Mexico City mayor’s marijuana legalization bill ignites national debate

Leftist party behind proposal remains divided over the issue

Raquel Seco
A woman smokes cannabis in a pipe during a pro-legalization demonstration in Mexico.
A woman smokes cannabis in a pipe during a pro-legalization demonstration in Mexico.GETTY IMAGES

The mayor of Mexico City has ignited a national debate by calling for a debate on the legalization of marijuana in the capital. But Miguel Ángel Mancera, the mayor and member of the Democratic Revolutionary Party (PRD), may face an uphill battle after some members of his leftist grouping came out against the proposal.

Public institutions have also warned that Mancera’s proposal risks placing the entire nation in the midst of a policy confrontation with Washington.

Vidal Llerenas and Fernando Belaunzarán, two PRD deputies in the Federal District legislature, are preparing draft bills that call for the legalization of cannabis. These bills, to be presented next month, are expected to be similar to laws passed in the US state of Colorado and last week by the Chamber of Deputies in Uruguay.

While the debate begins to fire up nationally, some PRD members have given Mancera lukewarm support. Mexico City’s health secretary, Armando Ahued, said he favored opening discussions on the issue but added he wasn’t too enthusiastic about legalizing marijuana because, in his point of view, there is no medical benefit to be gained from doing so.

“I believe that before we start discussing legalizing marijuana, we should look for solid drug prevention policies,” said Alejandra Barrales, a PRD senator who is tipped to become a future contender in the Mexico City mayoral race.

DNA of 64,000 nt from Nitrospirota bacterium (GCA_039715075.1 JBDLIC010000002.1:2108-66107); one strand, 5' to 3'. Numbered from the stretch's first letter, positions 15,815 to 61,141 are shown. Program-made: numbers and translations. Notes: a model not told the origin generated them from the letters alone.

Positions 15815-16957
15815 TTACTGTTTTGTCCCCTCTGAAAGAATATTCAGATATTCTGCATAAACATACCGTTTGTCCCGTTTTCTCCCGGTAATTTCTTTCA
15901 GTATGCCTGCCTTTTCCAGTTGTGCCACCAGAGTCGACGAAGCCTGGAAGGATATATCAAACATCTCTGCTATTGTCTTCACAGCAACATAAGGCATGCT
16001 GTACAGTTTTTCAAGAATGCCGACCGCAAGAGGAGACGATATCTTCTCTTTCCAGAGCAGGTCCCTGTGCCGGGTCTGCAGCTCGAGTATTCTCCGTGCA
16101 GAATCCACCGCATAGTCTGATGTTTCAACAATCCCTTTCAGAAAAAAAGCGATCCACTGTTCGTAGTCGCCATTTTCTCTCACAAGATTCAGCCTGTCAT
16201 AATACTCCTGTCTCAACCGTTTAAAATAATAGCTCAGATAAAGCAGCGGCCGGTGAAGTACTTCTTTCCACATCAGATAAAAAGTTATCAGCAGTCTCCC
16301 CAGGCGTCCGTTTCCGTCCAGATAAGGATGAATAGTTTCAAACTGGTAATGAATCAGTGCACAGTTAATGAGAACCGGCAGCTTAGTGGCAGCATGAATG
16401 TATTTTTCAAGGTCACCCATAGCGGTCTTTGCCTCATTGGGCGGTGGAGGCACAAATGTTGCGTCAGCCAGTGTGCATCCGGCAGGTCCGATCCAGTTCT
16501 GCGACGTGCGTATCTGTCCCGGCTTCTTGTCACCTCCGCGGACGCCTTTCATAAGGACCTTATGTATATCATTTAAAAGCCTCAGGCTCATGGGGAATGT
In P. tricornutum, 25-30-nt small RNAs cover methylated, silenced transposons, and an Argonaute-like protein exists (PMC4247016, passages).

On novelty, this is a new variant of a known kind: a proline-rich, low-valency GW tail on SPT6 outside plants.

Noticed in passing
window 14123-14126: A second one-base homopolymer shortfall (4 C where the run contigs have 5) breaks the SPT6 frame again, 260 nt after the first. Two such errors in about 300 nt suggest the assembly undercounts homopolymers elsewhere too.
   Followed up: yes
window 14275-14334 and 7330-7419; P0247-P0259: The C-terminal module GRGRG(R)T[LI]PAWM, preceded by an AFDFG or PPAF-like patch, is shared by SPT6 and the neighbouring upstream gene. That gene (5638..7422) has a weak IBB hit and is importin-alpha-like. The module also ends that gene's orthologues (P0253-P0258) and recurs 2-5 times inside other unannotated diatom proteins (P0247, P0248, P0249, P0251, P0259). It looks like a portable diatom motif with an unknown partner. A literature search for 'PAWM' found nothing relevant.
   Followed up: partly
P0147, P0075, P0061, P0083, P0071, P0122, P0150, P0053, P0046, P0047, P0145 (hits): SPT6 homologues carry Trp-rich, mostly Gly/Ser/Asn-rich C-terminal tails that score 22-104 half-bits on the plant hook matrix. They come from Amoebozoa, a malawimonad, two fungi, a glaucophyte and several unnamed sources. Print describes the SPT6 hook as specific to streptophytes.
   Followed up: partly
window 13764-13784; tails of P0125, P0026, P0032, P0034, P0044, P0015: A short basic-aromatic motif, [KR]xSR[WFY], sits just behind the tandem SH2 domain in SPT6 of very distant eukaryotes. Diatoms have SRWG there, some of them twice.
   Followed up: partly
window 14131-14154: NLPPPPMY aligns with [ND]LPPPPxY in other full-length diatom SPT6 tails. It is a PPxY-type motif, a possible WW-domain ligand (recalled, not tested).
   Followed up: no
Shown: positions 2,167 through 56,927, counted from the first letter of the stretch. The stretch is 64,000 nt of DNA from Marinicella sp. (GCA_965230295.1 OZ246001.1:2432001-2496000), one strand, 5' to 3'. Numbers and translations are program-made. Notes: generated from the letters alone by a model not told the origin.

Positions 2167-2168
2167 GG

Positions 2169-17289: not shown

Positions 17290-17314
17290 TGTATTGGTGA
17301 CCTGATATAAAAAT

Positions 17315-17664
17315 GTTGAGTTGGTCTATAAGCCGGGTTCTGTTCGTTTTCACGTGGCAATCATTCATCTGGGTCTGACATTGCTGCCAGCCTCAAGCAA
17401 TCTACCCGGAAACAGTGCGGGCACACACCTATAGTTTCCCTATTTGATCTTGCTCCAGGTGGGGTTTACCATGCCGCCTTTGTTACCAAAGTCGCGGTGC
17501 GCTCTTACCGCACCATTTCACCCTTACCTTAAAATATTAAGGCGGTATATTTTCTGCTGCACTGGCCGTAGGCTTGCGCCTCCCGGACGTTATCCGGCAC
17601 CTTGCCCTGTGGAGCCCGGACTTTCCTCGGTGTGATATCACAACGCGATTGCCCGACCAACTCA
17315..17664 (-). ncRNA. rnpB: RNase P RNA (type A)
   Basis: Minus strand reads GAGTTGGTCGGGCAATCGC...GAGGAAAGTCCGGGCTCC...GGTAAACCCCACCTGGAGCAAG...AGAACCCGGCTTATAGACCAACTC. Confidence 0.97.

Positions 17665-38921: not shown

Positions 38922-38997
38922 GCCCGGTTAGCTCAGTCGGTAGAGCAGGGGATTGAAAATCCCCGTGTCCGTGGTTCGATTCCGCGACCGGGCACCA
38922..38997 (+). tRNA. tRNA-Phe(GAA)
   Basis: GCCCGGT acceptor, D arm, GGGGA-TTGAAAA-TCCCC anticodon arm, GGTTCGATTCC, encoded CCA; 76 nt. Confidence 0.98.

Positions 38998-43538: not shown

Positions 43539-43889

The bill is expected to be similar to laws passed in Colorado and Uruguay

Andrés Manuel López Obrador, the former PRD presidential candidate who split away to form his own leftist party, called Mancera’s proposal “a smokescreen” and said there were other priorities in the capital, such as the creation of jobs and the fight against corruption.

But other national leaders, who have come out in favor of decriminalization of some drugs, have also jumped into the fray. Graco Ramírez, the PRD governor of the state of Morelos, said the legalization of marijuana would help “bring down the drug violence” that has been plaguing Mexico since 2006 and which has caused some 60,000 deaths.

Ramírez has announced a conference in his state to discuss the issue.

Under the PRD leadership, Mexico City has become a trailblazer with regard to liberal laws that conflict with national legislation. Former Mayor Marcelo Ebrard, who served from 2006 to 2012, signed measures legalizing abortion and homosexual marriage in the capital during his term in office.

Last month, former President Vicente Fox – a strong proponent of legalization for some drugs as a strategy to curb spiraling violence – organized a symposium at his ranch in Guanajuato state on the matter. Fox is a member of the conservative National Action Party (PAN)

But members of the ruling Institutional Revolutionary Party (PRI) have expressed concern about Mayor Marcelo’s proposal. Fernando Cano Valle, national anti-addiction commissioner, said the bill was “unreasonable” and argued that if passed, it would deprioritize services in the capital that offer help to addicts, including alcoholics.

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